Vladimir Putin still has the support of a majority of Russians, his spokesman said on Sunday after a mass protest challenged the premier's authority two months before he stands in presidential polls.
Organisers said 120,000 people attended the rally in central Moscow Saturday where protesters chanted slogans against Prime Minister Putin and called for the annulment of disputed December parliamentary elections won by his party.
Police put the numbers at 29,000 but AFP correspondents said the turnout was clearly bigger and more anti-Putin in tone than the first rally two weeks ago which smashed the taboo in Russia against mass opposition protests.
"As a politician and a presidential candidate, Putin still has the support of a majority. And we should treat the opinion of a majority with respect," his spokesman Dmitry Peskov told AFP.
He added that Putin was "beyond competition" as a candidate in March 4, 2012 presidential polls, where the Russian strongman plans to stand for a third Kremlin term after his four-year stint as prime minister.
Peskov acknowledged the protest had taken place and said the demonstrators' position was to be treated with respect. "Those people who came out onto the streets -- they are a very important part of society. But they are a minority."
The last Soviet leader Mikhail Gorbachev had late Saturday dramatically called on Putin to quit, just as he had done on December 25, 1991 when the USSR collapsed exactly two decades ago.
The protest movement -- which brings together a charismatic anti-corruption blogger, a detective story writer, musicians and a former finance minister -- does not so far have a clear leader but is gaining momentum.
"This is not an outburst which will die down. This is not about the protests but about the mood," Yevgeny Gontmakher, head of the Centre for Social Policies at the Moscow-based Economics Institute, told AFP.
"There is a danger of a revolution. Authorities are making concessions but are not keeping up with the development of the events."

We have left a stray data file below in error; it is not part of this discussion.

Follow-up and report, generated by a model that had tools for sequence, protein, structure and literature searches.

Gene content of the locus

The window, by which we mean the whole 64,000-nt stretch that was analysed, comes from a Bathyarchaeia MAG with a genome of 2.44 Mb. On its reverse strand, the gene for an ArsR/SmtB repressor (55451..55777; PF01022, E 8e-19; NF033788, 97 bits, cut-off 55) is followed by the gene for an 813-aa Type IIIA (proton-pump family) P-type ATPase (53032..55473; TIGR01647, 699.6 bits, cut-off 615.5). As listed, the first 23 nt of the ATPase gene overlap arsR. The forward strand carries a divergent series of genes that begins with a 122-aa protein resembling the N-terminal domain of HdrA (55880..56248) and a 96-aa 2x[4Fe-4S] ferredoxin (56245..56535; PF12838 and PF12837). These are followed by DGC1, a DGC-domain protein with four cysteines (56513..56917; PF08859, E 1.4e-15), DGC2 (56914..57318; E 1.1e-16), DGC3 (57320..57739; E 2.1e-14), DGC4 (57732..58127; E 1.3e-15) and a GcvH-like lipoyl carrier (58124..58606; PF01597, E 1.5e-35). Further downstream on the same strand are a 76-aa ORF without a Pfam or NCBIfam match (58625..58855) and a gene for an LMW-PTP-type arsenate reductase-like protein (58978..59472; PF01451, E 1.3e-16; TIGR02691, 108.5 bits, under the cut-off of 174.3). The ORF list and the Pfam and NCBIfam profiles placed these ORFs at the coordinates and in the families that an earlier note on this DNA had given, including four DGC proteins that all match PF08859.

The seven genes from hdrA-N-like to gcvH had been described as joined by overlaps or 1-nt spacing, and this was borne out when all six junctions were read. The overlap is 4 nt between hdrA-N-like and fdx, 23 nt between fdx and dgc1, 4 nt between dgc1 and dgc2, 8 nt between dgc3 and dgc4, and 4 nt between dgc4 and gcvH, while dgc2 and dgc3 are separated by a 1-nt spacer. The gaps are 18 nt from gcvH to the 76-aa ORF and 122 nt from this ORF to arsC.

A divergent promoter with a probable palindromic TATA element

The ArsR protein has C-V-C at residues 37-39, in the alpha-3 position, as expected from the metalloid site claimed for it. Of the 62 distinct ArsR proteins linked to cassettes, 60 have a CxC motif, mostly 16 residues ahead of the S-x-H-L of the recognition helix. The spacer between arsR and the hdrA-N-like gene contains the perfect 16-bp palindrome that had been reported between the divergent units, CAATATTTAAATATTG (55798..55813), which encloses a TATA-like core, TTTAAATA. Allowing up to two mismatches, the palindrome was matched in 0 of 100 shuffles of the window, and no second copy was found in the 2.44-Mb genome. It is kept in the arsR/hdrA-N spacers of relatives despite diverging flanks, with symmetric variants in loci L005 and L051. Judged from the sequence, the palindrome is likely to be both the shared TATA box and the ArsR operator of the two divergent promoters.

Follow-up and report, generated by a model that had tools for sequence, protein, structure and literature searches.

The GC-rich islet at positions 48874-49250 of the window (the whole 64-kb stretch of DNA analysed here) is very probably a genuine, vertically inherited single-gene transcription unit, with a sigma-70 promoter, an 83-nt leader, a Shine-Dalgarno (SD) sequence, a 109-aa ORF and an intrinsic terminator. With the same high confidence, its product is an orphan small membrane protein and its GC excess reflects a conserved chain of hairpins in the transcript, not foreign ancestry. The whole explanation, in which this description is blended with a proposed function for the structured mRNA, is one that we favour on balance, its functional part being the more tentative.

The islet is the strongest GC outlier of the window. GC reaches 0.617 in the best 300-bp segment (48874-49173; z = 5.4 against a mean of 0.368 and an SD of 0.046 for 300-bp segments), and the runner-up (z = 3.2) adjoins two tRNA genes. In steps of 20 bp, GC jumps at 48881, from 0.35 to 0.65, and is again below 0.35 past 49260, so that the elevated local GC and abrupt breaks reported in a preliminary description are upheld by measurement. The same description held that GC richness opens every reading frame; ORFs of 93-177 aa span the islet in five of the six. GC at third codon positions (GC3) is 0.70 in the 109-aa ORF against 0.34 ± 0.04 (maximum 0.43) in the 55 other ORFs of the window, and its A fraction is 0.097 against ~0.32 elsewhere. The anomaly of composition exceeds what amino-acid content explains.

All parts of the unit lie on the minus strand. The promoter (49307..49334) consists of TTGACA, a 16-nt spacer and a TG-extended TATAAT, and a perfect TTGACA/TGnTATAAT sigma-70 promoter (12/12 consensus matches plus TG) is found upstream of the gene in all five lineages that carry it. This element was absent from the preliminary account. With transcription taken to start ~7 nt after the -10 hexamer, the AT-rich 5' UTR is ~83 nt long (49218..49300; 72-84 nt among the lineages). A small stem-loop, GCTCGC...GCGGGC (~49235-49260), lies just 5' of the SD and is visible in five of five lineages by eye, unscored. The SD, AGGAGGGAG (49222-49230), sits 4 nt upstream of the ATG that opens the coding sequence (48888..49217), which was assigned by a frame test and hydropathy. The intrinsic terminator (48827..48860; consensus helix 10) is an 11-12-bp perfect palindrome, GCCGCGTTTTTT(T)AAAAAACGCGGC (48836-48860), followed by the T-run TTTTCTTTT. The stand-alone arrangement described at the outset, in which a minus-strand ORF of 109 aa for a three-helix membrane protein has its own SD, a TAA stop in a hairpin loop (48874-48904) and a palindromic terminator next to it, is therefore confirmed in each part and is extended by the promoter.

The leaders have not said when the next protest will take place and one of the most prominent opposition figures, politician Vladimir Ryzhkov, admitted that there were "several points of view" within the movement on the timing.
Ryzhkov told Moscow Echo radio he would prefer the next rally to take place in March to coincide with the presidential polls but he said some of his colleagues wanted a rally at the end of January.
The opposition set up a Facebook page (www.facebook.com/moscow.comes.back) to coordinate and debate the timing of future protests.
Another leading figure, 35-year-old blogger Alexei Navalny, provocatively vowed on Saturday that one million people would attend the next anti-Putin rally.
The mass protests were triggered by widespread claim of wholesale violations in this month's parliamentary polls which handed a reduced majority to Putin's ruling United Russia party.
Protesters called for the annulment of the ballot, sacking of the Central Election Commission chief and a re-run of elections.
Hoping to ride out a wave of protests, Putin ignored those demands and promised instead a return to the direct election of regional governors and a simplified procedure to register political parties.
In defiance of the protests, the newly-elected lower house of parliament convened for its first session earlier this week.
Most Russians lost their taste for street politics in the chaotic 90s and the scale of the current protests is a major boon for the fragmented opposition which had for years struggled to encourage Russians to take to the streets.
But incensed by his claims that opposition supporters were in the pay of the US State Department and insults comparing them to an anti-AIDS campaign, protesters are now taking their anger out directly at Putin.